Most Probate Court battles deal with the fact that your loved one may have said something to you that differs from the Will and now the person in charge (the executor) says that’s not apart of the Probate or better yet “it’s mine.”

So, what can you do about it?

First, you must understand the Probate Process and determine what should be included. In a nutshell three things happen: (1) a loved one passes, (2) the executor or someone else collects all the assets & debts, (3) that same distributes the assets. Seems pretty straightforward, right?

Well it is. But far too often, during the collect the assets & debts portion items come up missing. It’s not that they vanquish in mid-air, but rather a loved one says that “it belongs to me” and that’s very confusing since you know for a fact that your loved on purchased it several years ago. So, what do they mean “it belongs to me”?

Remember when someone passes there will be Probate and Non-Probate assets. A non-Probate asset is any asset that can transfer to a loved one without the Probate Court’s assistance. So, a joint-bank account, life insurance policy, and IRA are all Non-Probate. A piece of Real Estate and its contents could be too. As a result, there may be something that’s in the name of a loved one that doesn’t pass to you because you’re not the beneficiary. Now that you know if an asset should be included in the Probate Process you can now protect your interest.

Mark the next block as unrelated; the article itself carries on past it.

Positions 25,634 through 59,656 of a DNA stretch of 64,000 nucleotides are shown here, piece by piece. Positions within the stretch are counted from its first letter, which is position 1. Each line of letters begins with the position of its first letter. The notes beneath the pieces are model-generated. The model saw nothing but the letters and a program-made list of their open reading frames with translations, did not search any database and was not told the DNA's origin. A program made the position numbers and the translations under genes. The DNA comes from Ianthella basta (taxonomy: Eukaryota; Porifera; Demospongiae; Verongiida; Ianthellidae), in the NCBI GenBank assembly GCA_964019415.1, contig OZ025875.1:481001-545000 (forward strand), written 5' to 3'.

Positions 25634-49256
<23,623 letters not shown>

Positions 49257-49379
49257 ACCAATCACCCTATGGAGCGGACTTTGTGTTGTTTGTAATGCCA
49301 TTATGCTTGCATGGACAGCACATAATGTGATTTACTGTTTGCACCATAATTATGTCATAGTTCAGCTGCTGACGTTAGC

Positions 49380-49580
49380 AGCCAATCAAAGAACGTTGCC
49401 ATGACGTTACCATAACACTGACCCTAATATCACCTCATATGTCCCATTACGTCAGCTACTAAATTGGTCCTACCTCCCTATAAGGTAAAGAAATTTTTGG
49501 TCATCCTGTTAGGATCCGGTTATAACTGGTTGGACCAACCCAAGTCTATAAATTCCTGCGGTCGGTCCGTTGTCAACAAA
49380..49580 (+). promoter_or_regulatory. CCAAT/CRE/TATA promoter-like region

Second, Pay attention and file Objections. During the Probate Process, you will receive Notices from the Probate Court if you are a Next of Kin. When you receive these notices it’s important for you to Object when necessary. The time to Object will be when you receive Notice of the Inventory and Appraisal. This is where the Probate Court lists all of the assets of the Decedent.

The Objections must be written and supported by other evidence. Once you make the Objections, there may be a Hearing that you must attend and present evidence. This evidence may be witness testimony, bank statements, photographs, and any other evidence to support your claim.

The Third and last thing that you can do when someone claims “it’s mine” is to file a Concealment Action. A Concealment action is a special type of lawsuit that suggests a fiduciary (or person entrusted to safeguard the loved ones property) is hiding or concealing property from the Probate Court. And as a result you may be entitled to recover the assets and additional compensation from the fiduciary. This is not something that we recommend that you handle on your own.

Give us a Call today at 740.346.2899.

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